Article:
Interesting items from my inbox and elsewhere:
Kiwi cows are changing color for the butter … er, better
How’s this for a sign that sanity about fats is finally prevailing? As you’ll recall, a recent study concluded that dairy fat doesn’t cause heart disease and may even protect against strokes. According to an article in NewsHub, the public in New Zealand already knows as much:
The colour of New Zealand’s cattle herds is changing, and it’s all because of fat.
Fawn-coloured Jersey cows produce more fat in their milk than black and white Holstein Friesians, and farmers are getting paid more for fat because consumers no longer believe it’s so bad.
What have I been saying for nine years? Change won’t happen because governments change their dietary advice; it will happen because people no longer believe that advice.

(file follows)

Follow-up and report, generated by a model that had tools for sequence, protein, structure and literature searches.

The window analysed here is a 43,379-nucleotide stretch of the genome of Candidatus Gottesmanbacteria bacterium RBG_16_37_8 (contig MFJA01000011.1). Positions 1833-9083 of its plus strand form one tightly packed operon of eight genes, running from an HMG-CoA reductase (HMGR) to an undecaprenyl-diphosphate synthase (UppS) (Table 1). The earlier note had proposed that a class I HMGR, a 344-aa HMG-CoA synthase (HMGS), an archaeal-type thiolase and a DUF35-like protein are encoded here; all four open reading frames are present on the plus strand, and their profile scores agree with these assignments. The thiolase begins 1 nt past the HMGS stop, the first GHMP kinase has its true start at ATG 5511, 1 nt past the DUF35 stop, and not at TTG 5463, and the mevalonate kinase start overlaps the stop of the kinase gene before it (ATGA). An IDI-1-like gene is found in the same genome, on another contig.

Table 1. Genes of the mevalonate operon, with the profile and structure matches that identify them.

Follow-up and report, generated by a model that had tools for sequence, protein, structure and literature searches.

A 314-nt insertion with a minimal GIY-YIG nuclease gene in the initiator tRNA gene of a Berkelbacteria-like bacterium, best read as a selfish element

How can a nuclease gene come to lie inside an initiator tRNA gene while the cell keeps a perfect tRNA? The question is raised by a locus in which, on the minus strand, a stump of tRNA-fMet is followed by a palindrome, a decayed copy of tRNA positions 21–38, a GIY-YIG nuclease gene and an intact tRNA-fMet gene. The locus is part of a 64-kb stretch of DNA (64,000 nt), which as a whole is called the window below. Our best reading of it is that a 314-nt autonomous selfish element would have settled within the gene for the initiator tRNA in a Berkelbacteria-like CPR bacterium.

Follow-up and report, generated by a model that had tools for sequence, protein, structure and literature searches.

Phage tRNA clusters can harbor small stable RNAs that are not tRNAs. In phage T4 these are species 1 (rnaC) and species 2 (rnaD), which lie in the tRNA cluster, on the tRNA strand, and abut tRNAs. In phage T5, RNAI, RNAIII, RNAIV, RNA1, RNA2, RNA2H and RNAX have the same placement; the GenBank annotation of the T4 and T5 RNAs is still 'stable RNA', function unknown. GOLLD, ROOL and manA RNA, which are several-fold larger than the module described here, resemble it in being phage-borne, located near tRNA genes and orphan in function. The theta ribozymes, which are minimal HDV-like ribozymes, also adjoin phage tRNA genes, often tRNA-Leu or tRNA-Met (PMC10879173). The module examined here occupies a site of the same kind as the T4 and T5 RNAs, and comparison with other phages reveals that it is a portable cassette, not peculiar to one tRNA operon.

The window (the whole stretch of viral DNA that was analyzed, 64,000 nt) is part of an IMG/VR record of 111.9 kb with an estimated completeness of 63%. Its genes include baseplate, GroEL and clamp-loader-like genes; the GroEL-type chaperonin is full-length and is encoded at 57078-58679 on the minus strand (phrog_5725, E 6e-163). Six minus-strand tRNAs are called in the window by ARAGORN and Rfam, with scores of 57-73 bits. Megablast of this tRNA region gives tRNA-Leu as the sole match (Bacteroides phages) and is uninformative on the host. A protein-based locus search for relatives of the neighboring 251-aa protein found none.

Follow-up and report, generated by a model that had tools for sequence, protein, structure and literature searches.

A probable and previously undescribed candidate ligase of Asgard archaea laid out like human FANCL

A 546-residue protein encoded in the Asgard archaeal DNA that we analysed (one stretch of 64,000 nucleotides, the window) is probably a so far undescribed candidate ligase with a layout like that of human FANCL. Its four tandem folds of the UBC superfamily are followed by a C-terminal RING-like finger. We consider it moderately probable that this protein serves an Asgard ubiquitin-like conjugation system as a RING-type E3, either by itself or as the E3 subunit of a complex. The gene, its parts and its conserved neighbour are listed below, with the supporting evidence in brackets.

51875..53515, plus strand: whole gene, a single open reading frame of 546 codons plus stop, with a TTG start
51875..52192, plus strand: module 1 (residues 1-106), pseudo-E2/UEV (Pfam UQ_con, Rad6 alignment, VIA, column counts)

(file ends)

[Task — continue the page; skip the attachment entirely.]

“All cows produce fat in their milk, but Jerseys do produce more – that’s what they’re renowned for,” says Alison Gibb, the president of Jersey NZ.
Ms Gibb been farming Jerseys since they were last in vogue, roughly 40 years ago.
Let’s see, that would be around 1978. And of course, we all remember what a problem we had with childhood obesity and diabetes before then.
Then came the 1950s and 1960s, when saturated fat was established as an enemy of public health. Consumers didn’t want fat in their milk and farmers were paid more for protein.
Actually, they were paid for less fat.
Now consumers want fat again, on the back of recent trends such as the paleo diet – and dairy companies are responding.
Uh … strict paleo dieters don’t consume dairy products, but we’ll let that one slide.
Professor Keith Woodford says there’ll be a gradual transition of farmers choosing to introduce more Jersey into their bloodlines.
This trend is all down to the consumer.
“Consumers have said rightly or wrongly that butter’s back in favour, so the price of butter is at an all-time record,” Professor Woodford says.
And now let’s hear from one of the usual idiots … uh, I mean experts.